In nature, biologists have observed that living things and their components, from pine cone scales to microbial cells and even specific proteins, can change their structures or volumes when there is a change in humidity. The MIT team hypothesized that natural shape-shifters such as yeast, bacteria, and other microbial cells might be used as building blocks to construct moisture-responsive fabrics.
“These cells are so strong that they can induce bending of the substrate they are coated on,” Wang says.
The researchers first worked with the most common nonpathogenic strain of E. coli, which was found to swell and shrink in response to changing humidity. They further engineered the cells to express green fluorescent protein, enabling the cell to glow when it senses humid conditions.
They then used a cell-printing method they had previously developed to print E. coli onto sheets of rough, natural latex.
The team printed parallel lines of E. coli cells onto sheets of latex, creating two-layer structures, and exposed the fabric to changing moisture conditions. When the fabric was placed on a hot plate to dry, the cells began to shrink, causing the overlying latex layer to curl up. When the fabric was then exposed to steam, the cells began to glow and expand, causing the latex flatten out. After undergoing 100 such dry/wet cycles, Wang says the fabric experienced “no dramatic degradation” in either its cell layer or its overall performance.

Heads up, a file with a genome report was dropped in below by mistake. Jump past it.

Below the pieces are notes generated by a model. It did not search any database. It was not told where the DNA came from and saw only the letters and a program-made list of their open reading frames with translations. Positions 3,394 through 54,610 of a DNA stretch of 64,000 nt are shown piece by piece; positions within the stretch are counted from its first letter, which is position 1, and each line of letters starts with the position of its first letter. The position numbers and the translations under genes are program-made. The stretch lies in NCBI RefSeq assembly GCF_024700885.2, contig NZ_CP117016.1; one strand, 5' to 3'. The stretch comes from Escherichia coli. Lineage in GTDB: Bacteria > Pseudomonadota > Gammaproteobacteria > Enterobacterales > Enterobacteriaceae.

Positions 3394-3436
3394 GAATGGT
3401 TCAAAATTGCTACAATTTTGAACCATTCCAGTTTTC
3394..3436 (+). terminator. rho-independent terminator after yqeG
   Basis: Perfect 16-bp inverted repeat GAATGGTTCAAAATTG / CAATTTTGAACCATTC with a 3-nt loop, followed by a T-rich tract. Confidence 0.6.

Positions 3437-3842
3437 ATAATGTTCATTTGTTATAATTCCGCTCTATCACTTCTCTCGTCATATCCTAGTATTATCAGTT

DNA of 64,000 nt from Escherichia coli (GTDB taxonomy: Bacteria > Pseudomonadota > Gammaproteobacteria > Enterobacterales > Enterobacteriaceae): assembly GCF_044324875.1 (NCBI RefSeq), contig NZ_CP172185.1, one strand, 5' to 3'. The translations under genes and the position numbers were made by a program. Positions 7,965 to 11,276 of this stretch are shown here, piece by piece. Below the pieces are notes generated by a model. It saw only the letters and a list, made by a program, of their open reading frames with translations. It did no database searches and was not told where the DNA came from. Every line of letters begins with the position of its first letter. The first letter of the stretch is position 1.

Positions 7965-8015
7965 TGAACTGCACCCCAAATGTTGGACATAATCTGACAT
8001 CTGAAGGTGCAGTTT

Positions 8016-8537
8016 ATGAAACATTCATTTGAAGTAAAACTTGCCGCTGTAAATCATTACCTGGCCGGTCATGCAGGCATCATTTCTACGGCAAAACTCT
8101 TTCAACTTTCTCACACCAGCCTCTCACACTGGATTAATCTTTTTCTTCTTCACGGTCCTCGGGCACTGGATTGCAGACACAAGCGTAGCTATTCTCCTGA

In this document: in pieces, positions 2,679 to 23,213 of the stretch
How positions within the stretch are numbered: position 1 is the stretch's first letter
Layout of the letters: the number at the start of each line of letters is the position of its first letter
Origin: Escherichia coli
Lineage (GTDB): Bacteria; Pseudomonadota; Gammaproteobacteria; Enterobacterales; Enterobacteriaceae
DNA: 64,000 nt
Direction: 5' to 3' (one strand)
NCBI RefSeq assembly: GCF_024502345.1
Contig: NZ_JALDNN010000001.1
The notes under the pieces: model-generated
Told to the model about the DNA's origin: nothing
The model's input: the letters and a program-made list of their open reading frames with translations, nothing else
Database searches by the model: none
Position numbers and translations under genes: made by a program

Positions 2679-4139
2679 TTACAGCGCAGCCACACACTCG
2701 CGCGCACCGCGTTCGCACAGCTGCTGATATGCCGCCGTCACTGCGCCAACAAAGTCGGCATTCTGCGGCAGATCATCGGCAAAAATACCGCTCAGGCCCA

The researchers worked the biofabric into a wearable garment, designing a running suit with cell-lined latex flaps patterned across the suit’s back. They tailored the size of each flap, as well as the degree to which they open, based on previously published maps of where the body produces heat and sweat.
“People may think heat and sweat are the same, but in fact, some areas like the lower spine produce lots of sweat but not much heat,” Yao says. “We redesigned the garment using a fusion of heat and sweat maps to, for example, make flaps bigger where the body generates more heat.”
Support frames underneath each flap keep the fabric’s inner cell layer from directly touching the skin, while at the same time, the cells are able to sense and react to humidity changes in the air lying just over the skin. In trials to test the running suit, study participants donned the garment and worked out on exercise treadmills and bicycles while researchers monitored their temperature and humidity using small sensors positioned across their backs.